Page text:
For some schools, snow (almost always) still means go - News, Weather & Sports

For some schools, snow (almost always) still means go

Sophie Bowling Sophie Bowling
Kelley Ransdell Kelley Ransdell
Dr. Joan Frey Dr. Joan Frey
Mike Syracuse Mike Syracuse

ANCHORAGE, KY (WAVE) - March has brought 3 to 4 inches, mixed, of snow, sleet and ice. But fourth-grader Sophie Bowling was A-OK with her school's two-hour-delay.

"Because when they're (other districts) in school in the summer, we will already be out," said Sophie.

"If we had had bus transportation we would not have been having school today," School Superintendent Kelley Ransdell said. "Anchorage Public Works had the roads in phenomenally-good condition."

Anchorage has but one public school, for 365 students, kindergarten through eighth grade. Parents provide all transportation. City limits cover three square miles. Together, they help explain why Anchorage has racked up only three snow days for the 2013-14 school year.

By contrast, Jefferson County Public Schools students must make up ten days lost to inclement weather. As of Monday, the last day of classes would be June 11.

"You can't compare District A to District B," Ransdell said. "But I hope our students do take away from it work ethic; that when you can be at work, when you can be at school, you do that."

Weather has offered more than a few teaching moments for students of Galen College of Nursing, according to Dean of Students Dr. Joan Frey.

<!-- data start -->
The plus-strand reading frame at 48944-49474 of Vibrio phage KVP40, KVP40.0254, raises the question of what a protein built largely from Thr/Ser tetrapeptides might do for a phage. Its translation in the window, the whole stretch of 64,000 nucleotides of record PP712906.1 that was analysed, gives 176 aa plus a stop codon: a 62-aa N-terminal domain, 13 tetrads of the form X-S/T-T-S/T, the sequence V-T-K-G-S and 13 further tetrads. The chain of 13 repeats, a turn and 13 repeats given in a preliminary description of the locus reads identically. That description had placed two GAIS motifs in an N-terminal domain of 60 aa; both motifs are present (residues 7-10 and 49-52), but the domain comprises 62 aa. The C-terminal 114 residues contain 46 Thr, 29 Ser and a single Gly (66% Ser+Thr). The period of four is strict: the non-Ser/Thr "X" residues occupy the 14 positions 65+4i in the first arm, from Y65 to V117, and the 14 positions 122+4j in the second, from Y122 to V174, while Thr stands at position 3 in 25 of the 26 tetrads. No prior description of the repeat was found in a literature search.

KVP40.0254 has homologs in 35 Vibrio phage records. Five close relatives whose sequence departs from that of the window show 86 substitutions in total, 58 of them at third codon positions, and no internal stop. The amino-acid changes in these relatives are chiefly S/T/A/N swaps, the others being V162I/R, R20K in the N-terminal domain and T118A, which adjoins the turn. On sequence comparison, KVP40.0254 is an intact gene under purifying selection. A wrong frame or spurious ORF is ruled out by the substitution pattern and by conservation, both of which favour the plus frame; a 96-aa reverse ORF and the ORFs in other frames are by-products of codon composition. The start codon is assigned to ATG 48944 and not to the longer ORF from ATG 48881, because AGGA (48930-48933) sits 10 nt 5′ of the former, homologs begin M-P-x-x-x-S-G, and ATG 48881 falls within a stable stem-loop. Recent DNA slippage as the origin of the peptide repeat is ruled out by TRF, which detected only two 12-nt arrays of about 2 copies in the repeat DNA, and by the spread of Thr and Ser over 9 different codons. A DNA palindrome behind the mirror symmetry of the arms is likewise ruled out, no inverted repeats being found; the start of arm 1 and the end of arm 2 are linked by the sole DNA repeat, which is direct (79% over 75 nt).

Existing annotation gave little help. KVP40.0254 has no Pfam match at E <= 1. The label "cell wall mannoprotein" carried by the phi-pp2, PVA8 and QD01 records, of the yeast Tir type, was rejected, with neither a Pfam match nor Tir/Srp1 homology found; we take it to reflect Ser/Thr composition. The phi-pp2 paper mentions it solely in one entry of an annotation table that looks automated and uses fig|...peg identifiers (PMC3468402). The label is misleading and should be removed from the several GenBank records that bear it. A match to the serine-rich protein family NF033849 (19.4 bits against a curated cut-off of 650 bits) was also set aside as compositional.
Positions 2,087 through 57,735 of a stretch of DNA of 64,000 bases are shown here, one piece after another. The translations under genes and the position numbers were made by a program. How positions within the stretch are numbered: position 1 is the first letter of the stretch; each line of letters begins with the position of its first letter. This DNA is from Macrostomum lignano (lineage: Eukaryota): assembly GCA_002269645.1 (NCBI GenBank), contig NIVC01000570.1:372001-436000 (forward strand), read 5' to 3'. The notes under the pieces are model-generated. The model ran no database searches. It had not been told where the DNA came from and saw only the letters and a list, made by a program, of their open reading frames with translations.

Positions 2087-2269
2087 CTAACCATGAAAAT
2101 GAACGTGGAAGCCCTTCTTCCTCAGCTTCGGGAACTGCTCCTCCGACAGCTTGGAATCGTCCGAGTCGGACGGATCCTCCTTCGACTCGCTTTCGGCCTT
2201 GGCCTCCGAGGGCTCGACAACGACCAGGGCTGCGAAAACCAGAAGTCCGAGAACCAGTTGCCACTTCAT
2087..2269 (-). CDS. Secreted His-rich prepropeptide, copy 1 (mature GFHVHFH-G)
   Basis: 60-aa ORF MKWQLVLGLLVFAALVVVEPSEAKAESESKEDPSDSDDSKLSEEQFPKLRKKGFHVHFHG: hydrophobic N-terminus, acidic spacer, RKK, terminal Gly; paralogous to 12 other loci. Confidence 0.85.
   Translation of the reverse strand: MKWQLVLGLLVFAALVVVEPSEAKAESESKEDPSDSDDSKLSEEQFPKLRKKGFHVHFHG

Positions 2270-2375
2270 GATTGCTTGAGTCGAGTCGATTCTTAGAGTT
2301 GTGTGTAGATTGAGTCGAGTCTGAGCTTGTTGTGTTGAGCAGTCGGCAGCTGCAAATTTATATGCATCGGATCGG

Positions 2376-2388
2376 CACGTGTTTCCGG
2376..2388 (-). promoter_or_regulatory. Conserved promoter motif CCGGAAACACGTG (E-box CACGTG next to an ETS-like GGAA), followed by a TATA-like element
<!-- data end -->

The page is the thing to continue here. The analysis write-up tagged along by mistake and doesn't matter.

"(Monday) is one of only two times this winter season that we have canceled," Dr. Frey said. "Patients need to be able to trust their nurses."

"You will be future nurses someday with patients needing care during all weather conditions," Dr. Frey messaged students December 10. "Galen is open. Make your best decision about travel."

But March 3 posed exceptional challenges.

"We have students who come from long distances," Dr Frey said. "Some as far as Brown County, Indiana. We have employees commuting, and had to take them under consideration."

Winter has long since lost it mystique, for the custodial crew of Meyzeek Middle School, in Louisville's Smoketown neighborhood.

"We don't have a snowblower so we have to do everything by hand here," said Mike Syracuse, chief custodian at Meyzeek.

Though classes were canceled throughout JCPS, Syracuse and his crew were shoveling Meyzeek's sidewalks just before noon.

"My main thing is the safety of my crew," Syracuse said. "I wanted the roads to be a little clearer, before they came in."

Safety meant a 10 a.m. start, rather than 6 a.m.

"The most important thing for us," Syracuse asked rhetorically. "Get the sidewalks cleared for the buses tomorrow - if there's school."

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